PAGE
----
California's developed landscapes could generate enough solar energy to power the state several times over without building on intact wildlife habitat, according to a study published this week in the journal Nature Climate Change.
The study, by researchers at Stanford University's Carnegie Institution for Science, found that the more than 12,000 square miles of California that's already been heavily altered by humans -- cities, industrial facilities, parking lots, landfills, and so forth -- could generate enough solar power to meet the state's power consumption needs three to five times over, without developing a single additional acre of the state's beleaguered natural areas.
And though skeptics of urban solar rightfully point out that photovoltaic solar panels can't store power they generate for use at night, the Nature Climate Change study found that there's enough appropriate developed space in California for concentrating solar power plants to meet the state's energy needs almost three times over. Concentrated solar power can store solar energy as heat, allowing plant operators to generate electrical power after the sun goes down.
The study's authors, Stanford researchers Rebecca R. Hernandez, Madison K. Hoacker, and Christopher B. Field, looked at the potential for both small-scale (think "rooftop solar") and utility-scale solar development in California's heavily developed coast and interior valleys, as well as along roads and transmission lines elsewhere in the state.
They found that even excluding areas of the state that were merely "potentially compatible" with solar development -- those road and transmission line corridors mentioned above, for instance -- and limiting their calculations to the state's cities, suburbs, and industrial zones, simple fixed-mount photovoltaic panels like those increasingly found on rooftops could generate almost five times the state's total power consumption. That's based on estimates of California's future power consumption ranging from 35 to 47 terawatt-hours per year, with the most likely scenario around 40.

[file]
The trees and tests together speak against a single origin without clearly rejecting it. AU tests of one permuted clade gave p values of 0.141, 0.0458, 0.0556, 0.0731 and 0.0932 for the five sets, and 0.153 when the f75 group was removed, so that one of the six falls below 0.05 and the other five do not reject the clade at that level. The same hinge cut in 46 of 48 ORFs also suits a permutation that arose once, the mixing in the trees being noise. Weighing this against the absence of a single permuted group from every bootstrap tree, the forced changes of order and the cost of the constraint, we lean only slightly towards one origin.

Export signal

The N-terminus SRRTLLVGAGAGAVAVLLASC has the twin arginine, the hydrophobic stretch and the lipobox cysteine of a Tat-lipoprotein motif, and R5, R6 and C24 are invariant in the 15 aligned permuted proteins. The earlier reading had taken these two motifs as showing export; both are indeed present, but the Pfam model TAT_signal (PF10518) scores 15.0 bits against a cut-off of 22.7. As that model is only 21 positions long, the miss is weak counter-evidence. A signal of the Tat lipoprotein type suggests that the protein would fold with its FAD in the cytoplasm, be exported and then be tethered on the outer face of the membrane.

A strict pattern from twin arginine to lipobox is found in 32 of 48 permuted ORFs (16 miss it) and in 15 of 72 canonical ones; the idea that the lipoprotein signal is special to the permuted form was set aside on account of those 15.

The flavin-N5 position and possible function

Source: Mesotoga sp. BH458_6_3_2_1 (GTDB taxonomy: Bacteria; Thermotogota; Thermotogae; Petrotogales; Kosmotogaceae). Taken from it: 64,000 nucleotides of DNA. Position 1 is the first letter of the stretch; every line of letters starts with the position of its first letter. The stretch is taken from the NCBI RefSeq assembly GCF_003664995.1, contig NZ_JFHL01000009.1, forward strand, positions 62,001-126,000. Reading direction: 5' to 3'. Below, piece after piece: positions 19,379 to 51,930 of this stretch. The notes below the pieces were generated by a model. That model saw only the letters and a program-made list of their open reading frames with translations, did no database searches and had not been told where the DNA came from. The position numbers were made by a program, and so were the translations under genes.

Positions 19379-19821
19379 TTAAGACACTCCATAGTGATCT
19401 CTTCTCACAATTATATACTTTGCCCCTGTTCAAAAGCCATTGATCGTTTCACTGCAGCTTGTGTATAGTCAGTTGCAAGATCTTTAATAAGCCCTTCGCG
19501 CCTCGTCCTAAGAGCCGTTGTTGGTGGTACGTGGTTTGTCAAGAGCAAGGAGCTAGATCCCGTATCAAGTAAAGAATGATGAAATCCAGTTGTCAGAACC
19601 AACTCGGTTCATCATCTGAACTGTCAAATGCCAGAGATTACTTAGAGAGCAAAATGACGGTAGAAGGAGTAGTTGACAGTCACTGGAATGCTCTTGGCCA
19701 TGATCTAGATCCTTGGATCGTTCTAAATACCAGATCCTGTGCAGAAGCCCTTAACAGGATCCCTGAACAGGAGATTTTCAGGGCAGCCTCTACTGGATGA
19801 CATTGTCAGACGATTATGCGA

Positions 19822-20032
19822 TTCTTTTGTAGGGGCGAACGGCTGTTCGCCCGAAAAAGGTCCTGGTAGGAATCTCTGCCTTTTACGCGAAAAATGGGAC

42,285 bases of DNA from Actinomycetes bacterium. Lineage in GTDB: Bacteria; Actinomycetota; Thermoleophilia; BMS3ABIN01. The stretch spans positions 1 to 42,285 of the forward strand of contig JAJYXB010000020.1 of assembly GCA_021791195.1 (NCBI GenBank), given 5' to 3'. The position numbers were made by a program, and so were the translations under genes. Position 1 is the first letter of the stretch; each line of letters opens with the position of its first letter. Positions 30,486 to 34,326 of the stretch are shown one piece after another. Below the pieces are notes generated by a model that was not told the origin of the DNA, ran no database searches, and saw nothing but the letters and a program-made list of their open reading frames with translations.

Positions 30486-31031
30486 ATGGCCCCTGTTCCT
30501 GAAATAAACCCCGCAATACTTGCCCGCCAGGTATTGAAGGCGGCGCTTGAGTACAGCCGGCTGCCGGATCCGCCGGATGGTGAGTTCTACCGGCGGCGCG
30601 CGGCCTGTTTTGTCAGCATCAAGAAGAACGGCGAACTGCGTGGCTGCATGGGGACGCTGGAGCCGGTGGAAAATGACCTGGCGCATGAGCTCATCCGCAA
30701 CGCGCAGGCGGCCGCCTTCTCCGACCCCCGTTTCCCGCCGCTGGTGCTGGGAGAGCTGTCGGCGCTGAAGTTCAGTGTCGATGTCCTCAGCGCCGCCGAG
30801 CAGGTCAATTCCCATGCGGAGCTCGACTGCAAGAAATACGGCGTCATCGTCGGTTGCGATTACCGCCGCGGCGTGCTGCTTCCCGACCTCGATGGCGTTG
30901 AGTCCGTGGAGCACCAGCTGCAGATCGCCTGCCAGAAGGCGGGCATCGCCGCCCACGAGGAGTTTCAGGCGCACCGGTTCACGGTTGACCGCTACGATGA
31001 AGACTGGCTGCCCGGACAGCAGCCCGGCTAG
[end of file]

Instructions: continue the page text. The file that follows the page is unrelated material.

(A terawatt-hour is enough power to keep a 100-watt incandescent bulb lit continuously for 1.1 million years.)
When the authors changed that scenario to assume those photovoltaic panels were placed on single-axis movable mounts to track the sun as it crossed the sky during the course of the day, that figure rose to almost six times the state's power use, and six and a half times if those mounts allowed panels to move along two axes to follow the sun both east to west during the day and higher and lower in the sky as the seasons change.
And perhaps most surprising of all, Hernandez and her colleagues also found that the state's out-of-the-way industrial zones and other developed sites appropriate for parabolic trough mirror-based concentrating solar could provide 2.7 times the state's total power consumption all on their own. Parabolic trough power plants generate electricity by using reflected solar energy to heat a fluid, which in turn heats water to generate steam to turn turbines. Though some parabolic trough plants devote all the resulting heat to making steam directly, it's feasible using current technology to store some of that heat, whether as molten salt or in some other fashion, for use to generate steam after the sun sets.
According to the National Renewable Energy Laboratory, adding heat storage to a parabolic trough solar plant can raise its capacity factor -- the percentage of the time the plant is actually operating at full capacity -- from around 25 percent to up to 70 percent, making them approximately as reliable on a day-to-day basis as coal or nuclear power plants.
"Areas for small- and utility scale solar energy development within the built environment comprise 11,000-15,000 and 6,000 [terawatt-hours per year] of PV and CSP generation-based potential, respectively, and could meet the state of California's energy consumptive demand three to five times over," the authors conclude. "Solar energy within the built environment may be an overlooked opportunity for meeting sustainable energy needs in places with land and environmental constraints."
That definitely seems worth keeping in mind as state and federal agencies grapple with how to finish the embattled Desert Renewable Energy Conservation Plan. As we reported earlier this month, that plan's newly announced first phase will focus entirely on public lands in the California desert. In other words, the state's premier renewable energy development plan would seem to push California's renewable energy development policy in exactly the opposite direction from that suggested in one of the world's most prestigious peer-reviewed journals on the topic of climate change.